The Dutch association, although less well-known, is an important factor to consider when establishing an NGO or a “membership” organisation. The association is a legal company that, as its name suggests, brings together many persons in a certain situation. The association is a legally recognised organisation with members who are committed to a certain objective (such as “making music” or “protecting the local nature”). The law does not consider the association formed as a cooperative to be an association.
For an association to be established with full legal capacity, a notarial deed is necessary. Additionally, it is required to register with the Chamber of Commerce’s Trade Register.
The founding deed declares that you create the association and establish the statutes. These are the association’s “game rules.” The deed must be written in Dutch (or Frisian in Friesland), and the notary must ensure that all requirements are met. A minimum of two people are required to form an association.
Chamber Of Commerce Registration
Every association with full legal capacity is required to register in the Chamber of Commerce’s Trade Register. This is usually handled by the notary. The directors of the Dutch association are personally liable for legal acts performed on behalf of the association if they do not register.
Personal information about the founders and directors is included in the Trade Register. A notarial copy of the articles of association must also be deposited at the Chamber of Commerce for inspection. The information in the Trade Register is open to the public.
The registration in the Trade Register must be current. A change in the board of directors must be reported to the Chamber of Commerce by the board member as the notary does not do this automatically.
When setting up a Dutch association, this is the most important choice: choose an association with full legal or limited legal capacity. Consider the following key distinctions:
|Full Legal Capacity||Limited Legal Capacity|
|Association management is not liable in private||Association board liable as private individuals (for any claims towards the association)|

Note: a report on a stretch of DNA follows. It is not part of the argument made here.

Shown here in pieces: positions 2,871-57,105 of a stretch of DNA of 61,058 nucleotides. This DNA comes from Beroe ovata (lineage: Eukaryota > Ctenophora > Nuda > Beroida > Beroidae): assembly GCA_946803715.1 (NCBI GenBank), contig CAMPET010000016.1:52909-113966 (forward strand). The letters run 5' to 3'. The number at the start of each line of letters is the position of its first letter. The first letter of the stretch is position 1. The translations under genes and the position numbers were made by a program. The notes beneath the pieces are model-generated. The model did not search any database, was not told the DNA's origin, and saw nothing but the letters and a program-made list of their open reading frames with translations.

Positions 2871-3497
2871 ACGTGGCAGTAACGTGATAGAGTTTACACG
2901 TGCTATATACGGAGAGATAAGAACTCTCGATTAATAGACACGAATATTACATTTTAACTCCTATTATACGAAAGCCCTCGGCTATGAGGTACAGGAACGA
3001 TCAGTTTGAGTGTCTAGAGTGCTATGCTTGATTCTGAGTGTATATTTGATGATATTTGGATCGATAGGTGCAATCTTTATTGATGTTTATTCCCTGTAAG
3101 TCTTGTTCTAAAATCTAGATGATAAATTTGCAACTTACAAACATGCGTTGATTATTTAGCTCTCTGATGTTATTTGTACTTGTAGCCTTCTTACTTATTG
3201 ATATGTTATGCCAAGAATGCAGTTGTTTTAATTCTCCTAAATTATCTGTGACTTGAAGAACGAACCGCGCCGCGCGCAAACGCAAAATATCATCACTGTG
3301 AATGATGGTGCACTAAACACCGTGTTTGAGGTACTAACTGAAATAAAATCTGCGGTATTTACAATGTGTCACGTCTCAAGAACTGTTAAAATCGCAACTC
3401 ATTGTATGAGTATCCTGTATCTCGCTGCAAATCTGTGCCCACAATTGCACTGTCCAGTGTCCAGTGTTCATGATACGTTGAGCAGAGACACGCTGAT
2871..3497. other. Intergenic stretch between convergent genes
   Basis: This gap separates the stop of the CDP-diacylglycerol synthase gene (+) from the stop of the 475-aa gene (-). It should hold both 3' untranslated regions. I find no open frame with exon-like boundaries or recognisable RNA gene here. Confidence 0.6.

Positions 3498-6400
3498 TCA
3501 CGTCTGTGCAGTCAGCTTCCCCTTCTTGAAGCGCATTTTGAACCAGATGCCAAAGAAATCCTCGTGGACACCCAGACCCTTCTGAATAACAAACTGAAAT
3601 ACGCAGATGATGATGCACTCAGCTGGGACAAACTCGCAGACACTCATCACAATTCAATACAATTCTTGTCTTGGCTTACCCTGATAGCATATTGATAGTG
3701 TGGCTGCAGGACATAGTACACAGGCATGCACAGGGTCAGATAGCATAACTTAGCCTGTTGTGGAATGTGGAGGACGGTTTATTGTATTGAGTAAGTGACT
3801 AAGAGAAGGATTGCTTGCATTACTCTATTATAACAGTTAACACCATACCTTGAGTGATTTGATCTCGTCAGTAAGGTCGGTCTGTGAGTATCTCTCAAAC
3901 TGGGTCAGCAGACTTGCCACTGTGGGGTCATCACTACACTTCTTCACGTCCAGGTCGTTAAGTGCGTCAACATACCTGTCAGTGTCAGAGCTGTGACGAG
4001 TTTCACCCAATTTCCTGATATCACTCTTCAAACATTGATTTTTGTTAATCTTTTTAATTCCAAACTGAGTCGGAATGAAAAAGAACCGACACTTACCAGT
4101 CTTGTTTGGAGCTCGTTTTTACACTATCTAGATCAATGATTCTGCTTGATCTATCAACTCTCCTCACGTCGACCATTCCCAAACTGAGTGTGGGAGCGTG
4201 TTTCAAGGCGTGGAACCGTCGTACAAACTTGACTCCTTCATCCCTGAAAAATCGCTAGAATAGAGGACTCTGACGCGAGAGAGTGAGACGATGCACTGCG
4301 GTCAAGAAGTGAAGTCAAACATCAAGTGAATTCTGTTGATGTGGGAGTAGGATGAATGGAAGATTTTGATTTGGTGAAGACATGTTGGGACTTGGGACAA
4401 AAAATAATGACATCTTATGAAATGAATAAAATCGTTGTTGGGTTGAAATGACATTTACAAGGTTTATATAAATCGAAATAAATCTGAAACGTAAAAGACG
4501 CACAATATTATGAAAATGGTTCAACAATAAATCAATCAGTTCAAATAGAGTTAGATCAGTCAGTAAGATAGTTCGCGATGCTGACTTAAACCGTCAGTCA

|Association may receive all legacies, including real estate||Association may receive legacies, but not from real estate|
|Association may receive heritages, gifts and subsidies||Association may not receive inheritances, gifts and subsidies|
|Association may buy and own real estate||Association cannot become the owner of real estate|
|Notarial deed required||May with private deed|
An association is also referred to as an “informal association” if it hasn’t been formalised by a notarial deed. Action committees frequently employ informal associations, which must at least adhere to the following criteria:
- There must be a membership;
- It is an organisation that has been established for a specific purpose;
- A board and regular member meetings are mandatory;
- The organisation must participate in legal transactions as a unit. This means that members may not conduct separate proceedings for the same purpose as the association.
An association is not a legal person if it does not adhere to these conditions. Then, it is impossible to file a lawsuit or challenge a provincial or municipal decision.
The statutes frequently contain the board’s responsibilities and authority. Making agreements regarding who can represent the group and for what, as well as who will oversee the bank account, is crucial. The members’ meeting has the most authority because it appoints the board. Effective laws stop people from misusing their authority. Are some things missing from the articles of association? The law then takes effect.
In any event, the following issues are covered by the laws:
- The name of the association and the municipality in which it is established;
- The purpose of the association;
- The obligations of the members towards the association, or the way in which these obligations can be imposed. Consider the contribution.
- The method of convening the general meeting;
- The method of appointment and dismissal of directors;
- The destination for the money that remains after the dissolution of the association or the way in which that destination must be determined.
Think carefully about the voting rights during the general meeting. Are there no restrictions in the articles of association? Youth members may, then, for instance, vote or run for office.
In addition to the articles of association, the general members’ meeting frequently creates one or more regulations. For instance, guidelines for applying for membership, behaviour standards, the way donations are paid, how the board makes decisions and how to use the clubhouse. Regulations cannot limit or increase the authority of board members beyond what is specified in the articles of association. Any regulation that conflicts with the articles of association is not binding. Regulations do not have to be recorded in a notarial deed.
Typically, an association’s primary source of funding comes from member donations. Consider how much of a contribution is necessary to achieve the association’s goal in advance. Do you, for instance, offer discounts to seniors or children? Other possible sources of income e are donations and legacies. When a group is recognised as an institution representing social interest (SBBI), there is no tax due upon donations and inheritances. The municipality determines if a group qualifies for a subsidy.
If you wish to discuss setting up a Dutch association further, do not hesitate to reach out to us.